We have stated that evidence of a fresh complaint in a rape case is not "admitted as part of the res gestae, or as evidence of the truth of the things alleged, or solely for the purpose of disproving consent, but for the more general purpose of confirming the testimony of the . . . [victim]." Commonwealth v. Cleary, 172 Mass. 175 , 176-177, and cases cited. When a female witness testifies in such a case "the mere absence of evidence of an earlier complaint discredits her" so that earlier statements of the witness may be admitted for the purpose of corroboration. Glover v. Callahan, 299 Mass. 55 , 57. Not only evidence of the complaint is admissible but her whole statement including the details. Glover v. Callahan, supra, at p. 58. In this case the victim drove to a toll booth on the Massachusetts Turnpike approximately seven miles from the entrance to the turnpike in Lee, where she told the toll keeper that she had been "robbed, beaten and raped." A few minutes later Officer Gillespie appeared and she informed him of the incident. It cannot be said as a matter of law that this complaint came too late to be admissible. Commonwealth v. Cleary, 172 Mass. 175 , 177. Commonwealth v. Rollo, 203 Mass. 354 . Commonwealth v. Ellis, 319 Mass. 627 , 630.
The defendant's major contention questions the voluntariness of the complaint. The testimony of the police officer as we review it clearly reveals that the details of the crime were drawn from the victim through a series of questions
from the police officer which the defendant contends were suggestive and leading. It is argued that his testimony is thus inadmissible. Rex v. Osborne,  1 K. B. 551, 556. We have said that statements do not cease to be voluntary merely because they are given in response to questions. Commonwealth v. Ellis, supra, at p. 630. We are bound to inquire, however, whether such questions were suggestive or leading and to assess such role as they may have played in determining the voluntariness of the complaint. The circumstances attending the conversation of the victim and the police officer are obviously significant in a determination of that issue. The officer testified that when he first observed the victim seated in a car "[h]er face was swollen and around her eyes and her mouth and there was a large swelling on her forehead. Her face was covered with what appeared to be dry blood. Her clothing was -- there was blood spattered upon it. Her hair was in disarray. It was all over her head. Her clothing was hanging rather loosely from her body." He further stated that the victim was "sometime having trouble talking to me because of the swelling around her mouth. I had to keep going over what she was saying to make sure that I was getting it all clear." The officer's description and the testimony of the attending physician who examined the victim make it apparent that she had suffered severe bruises and other injuries on her body. Because of the nature and extent of her injuries which could have affected her ability to speak and think clearly, the method of inquiry employed by the officer which brought forth the complaint was proper. His questioning, although extensive, does not seem to us leading or suggestive, and he did not implant any ideas in the victim's mind which she had not previously expressed at the toll booth. In sum, we find no error in the admission of his testimony.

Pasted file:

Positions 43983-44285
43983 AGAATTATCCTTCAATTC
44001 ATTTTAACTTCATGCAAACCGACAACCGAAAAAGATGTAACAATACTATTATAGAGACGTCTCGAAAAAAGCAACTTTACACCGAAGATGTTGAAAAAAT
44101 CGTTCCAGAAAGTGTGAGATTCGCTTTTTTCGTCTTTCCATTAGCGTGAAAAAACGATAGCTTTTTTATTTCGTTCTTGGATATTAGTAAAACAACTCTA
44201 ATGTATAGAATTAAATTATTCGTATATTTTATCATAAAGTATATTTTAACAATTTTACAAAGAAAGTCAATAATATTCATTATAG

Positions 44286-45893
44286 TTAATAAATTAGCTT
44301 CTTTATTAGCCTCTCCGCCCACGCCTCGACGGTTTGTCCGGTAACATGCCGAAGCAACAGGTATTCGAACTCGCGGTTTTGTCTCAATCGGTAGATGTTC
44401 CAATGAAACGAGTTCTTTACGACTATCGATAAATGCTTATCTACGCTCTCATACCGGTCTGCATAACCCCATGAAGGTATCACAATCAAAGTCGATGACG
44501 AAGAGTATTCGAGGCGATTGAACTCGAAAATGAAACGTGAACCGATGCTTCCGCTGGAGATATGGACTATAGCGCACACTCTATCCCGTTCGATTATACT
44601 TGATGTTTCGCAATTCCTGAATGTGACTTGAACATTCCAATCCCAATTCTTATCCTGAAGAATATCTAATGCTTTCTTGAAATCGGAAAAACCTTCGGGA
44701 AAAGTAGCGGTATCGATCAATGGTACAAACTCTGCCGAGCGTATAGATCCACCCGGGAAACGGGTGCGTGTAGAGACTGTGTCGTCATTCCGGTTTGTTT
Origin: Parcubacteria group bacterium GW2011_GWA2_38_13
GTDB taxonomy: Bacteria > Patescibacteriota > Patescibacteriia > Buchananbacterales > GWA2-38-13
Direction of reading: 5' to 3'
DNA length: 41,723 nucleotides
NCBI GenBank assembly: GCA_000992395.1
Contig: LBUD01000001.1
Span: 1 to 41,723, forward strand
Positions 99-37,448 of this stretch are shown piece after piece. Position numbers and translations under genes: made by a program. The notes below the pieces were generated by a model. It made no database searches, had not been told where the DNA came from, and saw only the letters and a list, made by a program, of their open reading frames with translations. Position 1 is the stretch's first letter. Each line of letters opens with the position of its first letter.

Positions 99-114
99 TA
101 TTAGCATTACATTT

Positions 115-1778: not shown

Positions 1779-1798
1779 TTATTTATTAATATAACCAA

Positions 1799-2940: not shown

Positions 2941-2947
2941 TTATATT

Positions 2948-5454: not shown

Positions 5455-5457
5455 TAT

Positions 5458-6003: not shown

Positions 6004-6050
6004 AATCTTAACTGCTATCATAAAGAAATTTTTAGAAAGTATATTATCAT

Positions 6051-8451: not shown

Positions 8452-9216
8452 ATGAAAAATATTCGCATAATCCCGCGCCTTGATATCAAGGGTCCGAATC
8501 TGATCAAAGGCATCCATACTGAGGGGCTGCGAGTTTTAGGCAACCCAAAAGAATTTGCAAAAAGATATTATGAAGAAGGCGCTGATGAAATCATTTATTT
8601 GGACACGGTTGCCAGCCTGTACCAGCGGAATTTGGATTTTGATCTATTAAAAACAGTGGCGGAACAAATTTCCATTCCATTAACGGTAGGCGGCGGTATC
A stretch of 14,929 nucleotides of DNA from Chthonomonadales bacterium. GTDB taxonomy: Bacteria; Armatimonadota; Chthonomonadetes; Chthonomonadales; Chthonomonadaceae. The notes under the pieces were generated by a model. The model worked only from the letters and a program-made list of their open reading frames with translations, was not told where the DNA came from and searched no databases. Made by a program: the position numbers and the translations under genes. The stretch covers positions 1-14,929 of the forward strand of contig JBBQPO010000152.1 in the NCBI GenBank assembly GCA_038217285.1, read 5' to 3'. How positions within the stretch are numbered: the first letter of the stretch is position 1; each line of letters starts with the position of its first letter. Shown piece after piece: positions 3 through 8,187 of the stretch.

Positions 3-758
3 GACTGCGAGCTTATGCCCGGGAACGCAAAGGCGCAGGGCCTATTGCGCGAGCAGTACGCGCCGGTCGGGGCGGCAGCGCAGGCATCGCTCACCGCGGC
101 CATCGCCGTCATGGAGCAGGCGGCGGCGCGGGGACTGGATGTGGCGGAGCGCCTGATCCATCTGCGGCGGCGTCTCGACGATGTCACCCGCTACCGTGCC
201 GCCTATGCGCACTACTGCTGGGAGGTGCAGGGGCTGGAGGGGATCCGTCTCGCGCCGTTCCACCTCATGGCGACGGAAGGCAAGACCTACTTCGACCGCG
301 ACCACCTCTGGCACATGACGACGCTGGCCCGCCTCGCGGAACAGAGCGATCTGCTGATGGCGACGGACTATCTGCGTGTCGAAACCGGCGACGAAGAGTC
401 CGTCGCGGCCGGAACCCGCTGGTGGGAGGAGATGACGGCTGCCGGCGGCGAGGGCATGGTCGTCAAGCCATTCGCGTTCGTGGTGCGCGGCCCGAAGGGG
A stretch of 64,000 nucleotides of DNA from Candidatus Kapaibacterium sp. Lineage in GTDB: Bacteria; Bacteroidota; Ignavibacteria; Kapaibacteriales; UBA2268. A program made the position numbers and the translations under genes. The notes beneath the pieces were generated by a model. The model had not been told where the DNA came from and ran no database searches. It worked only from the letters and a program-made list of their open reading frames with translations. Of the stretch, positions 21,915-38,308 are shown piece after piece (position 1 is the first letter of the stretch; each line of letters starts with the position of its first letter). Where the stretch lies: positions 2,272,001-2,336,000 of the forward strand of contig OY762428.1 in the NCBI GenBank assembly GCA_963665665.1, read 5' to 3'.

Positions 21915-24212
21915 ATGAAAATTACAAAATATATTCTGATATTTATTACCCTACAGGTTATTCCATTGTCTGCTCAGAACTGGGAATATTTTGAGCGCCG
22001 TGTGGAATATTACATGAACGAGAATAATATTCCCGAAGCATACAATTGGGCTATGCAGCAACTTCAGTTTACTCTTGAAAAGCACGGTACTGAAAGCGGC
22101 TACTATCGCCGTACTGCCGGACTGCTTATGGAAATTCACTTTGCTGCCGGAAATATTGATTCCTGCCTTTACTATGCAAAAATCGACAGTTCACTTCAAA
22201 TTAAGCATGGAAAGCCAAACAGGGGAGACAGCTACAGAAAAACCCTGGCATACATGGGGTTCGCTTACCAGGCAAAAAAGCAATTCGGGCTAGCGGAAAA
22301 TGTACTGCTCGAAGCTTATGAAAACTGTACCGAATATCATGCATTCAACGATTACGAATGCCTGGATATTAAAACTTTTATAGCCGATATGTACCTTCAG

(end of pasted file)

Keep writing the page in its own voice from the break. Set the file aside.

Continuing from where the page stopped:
2. The second assignment concerns the admission in evidence of certain garments which belonged to the victim and which were found in the room where the crime occurred and in the adjacent hallway. When they were introduced in evidence, no objection was made. However, during a later
portion of the trial, when a police officer who had searched the premises where the crime occurred was on the stand, the court excluded his testimony with respect to his observation of the premises and the garments upon the concession by the prosecution that the officer was not armed with a warrant at the time of the search. There was no evidence that the police had the defendant's consent to make the search. The defendant later made a motion to suppress the evidence relative to the garments which the court denied. There was no error in the denial of the motion. This motion in the circumstances of this case was not timely. Rule 101B of the Superior Court (1954).
Assuming that it was filed in time, we bear in mind that "[o]n a motion to suppress the burden of establishing that evidence has been illegally obtained is on the moving party." Commonwealth v. Fancy, 349 Mass. 196 , 202. It appears that the defendant failed to introduce evidence as to which, if any articles of clothing were discovered in his room. The judge was not required to make a decision on the motion where the evidence sought to be suppressed was not identified by the moving party. Commonwealth v. Roy, 349 Mass. 224 , 227. Since the defendant did not meet the burden of establishing which evidence he sought to have suppressed there was no error in the admission of the articles of clothing in evidence. Commonwealth v. Mitchell, 350 Mass. 459 , 464.